So he's only really ever done a big draft day trade back once...in 2019. And not to rehash this...but it's looking like it was not the correct path...so I am not sure why fans are so gung-ho about doing it every year.

 

But overall, he's probably traded up on draft day as much as he has traded down. 

 

I think if trades back this year, it's going to be small trade backs that land late round picks (like moving back in the 3rd and 4th rounds)...or one singluar trade back that lands Day 2 draft capital next year to help offset the Wentz trade. 

 

And then after this trade, the prevailing narrative will be that it doesn't matter what Wentz does...because he was basically free.

 

Ballard has traded his first round pick each of the last three years. Different circumstances in each case, so maybe not a pattern, but the idea that Ballard is willing to give up his first rounder for what he perceives as "value" is not a made up concept.

 

And we don't have to rehash the 2019 decision, but suggesting it was not the correct path seems to be based on either wanting Sweat, not liking Ya-Sin, or some combination of the two. That sets aside the likelihood that Sweat wasn't on their board. It also misses the point of a trade back, which is based on their idea of value at that point in the draft, not just on who they can/do pick. That trade netted the Colts #34 in the 2020 draft. There's no question that they got great value out of that trade.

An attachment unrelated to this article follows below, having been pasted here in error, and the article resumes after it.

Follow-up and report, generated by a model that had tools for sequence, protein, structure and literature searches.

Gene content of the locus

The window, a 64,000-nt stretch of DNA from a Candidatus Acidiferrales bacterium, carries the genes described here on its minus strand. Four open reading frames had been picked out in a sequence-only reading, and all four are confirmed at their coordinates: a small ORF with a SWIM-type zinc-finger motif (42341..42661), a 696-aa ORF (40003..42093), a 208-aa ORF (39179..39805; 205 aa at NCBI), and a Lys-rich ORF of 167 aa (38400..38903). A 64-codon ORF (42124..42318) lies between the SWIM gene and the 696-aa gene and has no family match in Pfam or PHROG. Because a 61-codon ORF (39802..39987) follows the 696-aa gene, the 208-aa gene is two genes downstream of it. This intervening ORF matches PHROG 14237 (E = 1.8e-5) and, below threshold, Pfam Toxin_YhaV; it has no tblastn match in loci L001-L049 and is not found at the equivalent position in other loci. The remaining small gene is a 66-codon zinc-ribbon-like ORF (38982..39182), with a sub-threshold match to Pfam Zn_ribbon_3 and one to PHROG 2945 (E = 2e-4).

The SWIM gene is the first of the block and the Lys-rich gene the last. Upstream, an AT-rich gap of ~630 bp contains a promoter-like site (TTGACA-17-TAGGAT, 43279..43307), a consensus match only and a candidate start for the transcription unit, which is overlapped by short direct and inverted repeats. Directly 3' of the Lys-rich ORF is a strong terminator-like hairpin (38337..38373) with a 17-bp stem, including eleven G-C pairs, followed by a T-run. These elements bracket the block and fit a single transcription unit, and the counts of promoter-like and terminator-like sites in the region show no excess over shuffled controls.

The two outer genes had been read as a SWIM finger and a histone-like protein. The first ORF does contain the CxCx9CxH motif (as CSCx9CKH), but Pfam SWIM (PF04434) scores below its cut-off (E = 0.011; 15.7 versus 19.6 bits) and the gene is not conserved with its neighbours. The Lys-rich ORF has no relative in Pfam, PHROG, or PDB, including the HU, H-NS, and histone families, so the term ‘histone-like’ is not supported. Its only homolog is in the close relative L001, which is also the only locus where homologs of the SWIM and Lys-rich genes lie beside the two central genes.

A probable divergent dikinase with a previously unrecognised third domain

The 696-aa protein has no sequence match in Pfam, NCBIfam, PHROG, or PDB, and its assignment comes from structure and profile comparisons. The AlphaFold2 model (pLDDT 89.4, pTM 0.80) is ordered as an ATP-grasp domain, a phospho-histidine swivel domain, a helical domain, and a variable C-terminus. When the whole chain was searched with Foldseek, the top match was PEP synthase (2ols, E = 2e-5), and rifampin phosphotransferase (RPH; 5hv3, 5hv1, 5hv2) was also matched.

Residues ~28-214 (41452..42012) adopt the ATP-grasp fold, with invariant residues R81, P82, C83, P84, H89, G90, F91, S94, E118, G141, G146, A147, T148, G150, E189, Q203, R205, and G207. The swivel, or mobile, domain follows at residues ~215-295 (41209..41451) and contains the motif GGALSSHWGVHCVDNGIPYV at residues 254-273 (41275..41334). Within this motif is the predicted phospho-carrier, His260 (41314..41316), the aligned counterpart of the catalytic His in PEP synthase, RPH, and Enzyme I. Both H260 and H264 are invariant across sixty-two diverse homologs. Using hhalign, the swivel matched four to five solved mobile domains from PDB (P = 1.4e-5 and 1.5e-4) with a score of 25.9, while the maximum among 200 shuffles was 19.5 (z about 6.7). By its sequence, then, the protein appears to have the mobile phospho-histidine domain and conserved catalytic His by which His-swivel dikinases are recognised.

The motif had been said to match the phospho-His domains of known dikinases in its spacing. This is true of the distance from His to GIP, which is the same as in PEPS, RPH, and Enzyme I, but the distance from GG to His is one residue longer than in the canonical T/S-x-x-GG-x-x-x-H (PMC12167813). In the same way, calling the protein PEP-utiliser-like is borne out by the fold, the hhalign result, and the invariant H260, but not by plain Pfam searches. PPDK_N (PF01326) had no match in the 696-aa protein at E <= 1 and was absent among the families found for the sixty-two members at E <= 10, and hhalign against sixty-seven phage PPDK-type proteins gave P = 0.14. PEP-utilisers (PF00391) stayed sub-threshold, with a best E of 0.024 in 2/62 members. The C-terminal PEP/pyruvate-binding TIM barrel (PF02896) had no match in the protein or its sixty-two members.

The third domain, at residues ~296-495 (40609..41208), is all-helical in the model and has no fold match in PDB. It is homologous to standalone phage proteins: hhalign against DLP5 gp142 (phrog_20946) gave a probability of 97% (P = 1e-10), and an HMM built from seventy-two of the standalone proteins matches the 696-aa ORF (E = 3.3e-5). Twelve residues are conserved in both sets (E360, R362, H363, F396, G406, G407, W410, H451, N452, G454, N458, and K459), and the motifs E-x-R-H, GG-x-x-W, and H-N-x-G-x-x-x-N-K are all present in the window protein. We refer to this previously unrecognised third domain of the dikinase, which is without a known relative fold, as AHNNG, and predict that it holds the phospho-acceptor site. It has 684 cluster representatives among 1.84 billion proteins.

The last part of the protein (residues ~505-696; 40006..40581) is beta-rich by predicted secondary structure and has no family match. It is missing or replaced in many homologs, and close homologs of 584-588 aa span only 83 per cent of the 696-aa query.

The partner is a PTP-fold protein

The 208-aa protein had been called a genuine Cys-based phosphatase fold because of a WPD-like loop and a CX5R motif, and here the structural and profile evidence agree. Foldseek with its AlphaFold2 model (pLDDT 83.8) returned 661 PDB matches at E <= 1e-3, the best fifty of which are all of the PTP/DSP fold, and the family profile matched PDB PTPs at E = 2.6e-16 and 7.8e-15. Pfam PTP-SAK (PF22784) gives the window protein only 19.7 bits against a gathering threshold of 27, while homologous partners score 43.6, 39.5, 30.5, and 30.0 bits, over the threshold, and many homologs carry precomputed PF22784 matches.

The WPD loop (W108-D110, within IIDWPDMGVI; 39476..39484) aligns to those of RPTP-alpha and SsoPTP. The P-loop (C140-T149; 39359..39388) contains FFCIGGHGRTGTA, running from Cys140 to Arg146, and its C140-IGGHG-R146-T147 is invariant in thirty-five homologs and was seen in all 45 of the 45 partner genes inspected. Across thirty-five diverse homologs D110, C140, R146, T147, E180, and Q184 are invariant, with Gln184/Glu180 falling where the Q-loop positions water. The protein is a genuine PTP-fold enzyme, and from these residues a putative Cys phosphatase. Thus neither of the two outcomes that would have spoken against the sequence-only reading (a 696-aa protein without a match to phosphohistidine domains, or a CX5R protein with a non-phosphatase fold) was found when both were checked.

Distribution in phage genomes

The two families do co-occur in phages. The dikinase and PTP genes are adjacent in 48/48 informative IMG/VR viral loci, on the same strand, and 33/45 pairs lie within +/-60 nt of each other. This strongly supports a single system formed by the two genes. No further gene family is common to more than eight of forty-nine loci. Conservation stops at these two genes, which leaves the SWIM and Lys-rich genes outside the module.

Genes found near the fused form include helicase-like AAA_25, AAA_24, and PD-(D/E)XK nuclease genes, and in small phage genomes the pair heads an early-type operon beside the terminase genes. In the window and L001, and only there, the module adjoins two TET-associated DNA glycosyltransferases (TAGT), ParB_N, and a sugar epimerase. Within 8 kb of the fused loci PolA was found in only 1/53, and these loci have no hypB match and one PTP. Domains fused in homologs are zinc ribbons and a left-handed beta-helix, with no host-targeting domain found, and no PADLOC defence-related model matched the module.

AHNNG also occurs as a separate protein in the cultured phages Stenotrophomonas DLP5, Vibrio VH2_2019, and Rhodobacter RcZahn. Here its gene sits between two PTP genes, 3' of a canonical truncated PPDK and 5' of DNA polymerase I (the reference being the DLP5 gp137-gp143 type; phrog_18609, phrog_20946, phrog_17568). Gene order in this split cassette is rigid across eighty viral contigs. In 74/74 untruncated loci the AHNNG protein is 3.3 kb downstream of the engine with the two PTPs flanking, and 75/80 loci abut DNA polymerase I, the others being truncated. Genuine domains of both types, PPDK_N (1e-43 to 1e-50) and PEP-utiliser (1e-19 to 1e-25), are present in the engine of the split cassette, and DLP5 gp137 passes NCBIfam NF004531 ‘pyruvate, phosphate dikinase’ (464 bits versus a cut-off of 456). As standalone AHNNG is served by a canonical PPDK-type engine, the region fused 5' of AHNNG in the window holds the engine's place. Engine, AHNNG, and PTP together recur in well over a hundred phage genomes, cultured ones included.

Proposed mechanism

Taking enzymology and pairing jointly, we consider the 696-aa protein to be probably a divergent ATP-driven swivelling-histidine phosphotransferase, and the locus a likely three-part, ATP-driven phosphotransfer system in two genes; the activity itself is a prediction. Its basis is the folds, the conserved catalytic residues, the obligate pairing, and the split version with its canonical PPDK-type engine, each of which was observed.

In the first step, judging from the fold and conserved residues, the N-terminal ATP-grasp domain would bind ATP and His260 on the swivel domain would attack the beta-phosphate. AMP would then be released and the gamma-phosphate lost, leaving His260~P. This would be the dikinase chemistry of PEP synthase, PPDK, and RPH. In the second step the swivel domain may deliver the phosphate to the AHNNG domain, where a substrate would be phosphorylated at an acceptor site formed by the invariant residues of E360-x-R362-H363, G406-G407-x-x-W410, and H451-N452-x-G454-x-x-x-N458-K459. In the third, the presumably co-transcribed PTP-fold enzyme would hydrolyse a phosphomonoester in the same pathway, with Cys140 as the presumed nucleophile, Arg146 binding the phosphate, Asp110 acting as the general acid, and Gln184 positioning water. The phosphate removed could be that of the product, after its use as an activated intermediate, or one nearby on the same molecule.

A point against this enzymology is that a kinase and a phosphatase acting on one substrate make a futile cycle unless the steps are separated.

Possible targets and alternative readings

Listening to Ballard talk about how he approaches the draft, and comparing it to the moves he's made, he seems to favor having greater value than he does having higher picks. His words: "I love them picks." The trade up for Taylor is an exception, but that cost him a fifth. Compare that to trading back in 2019, and picking up a future second. It's a different story entirely.

 

Sitting at #21, with the QB position addressed, and IMO the first round being very top heavy with a bit of a logjam of similar talent outside of the top 15 guys (setting aside QBs), I think any team would be exploring a trade, up or down. If you have a major need at a critical position, you can't expect a great prospect to fall to the 20s. And I think there's a clear separation between the first tier and the second tier -- especially at tackle and edge -- with a lot of good prospects at those positions on Day 2. 

 

If I had to bet right now, I'd bet that we trade back. Especially after the Wentz deal, but also after getting a better idea for the way this draft seems to set to go.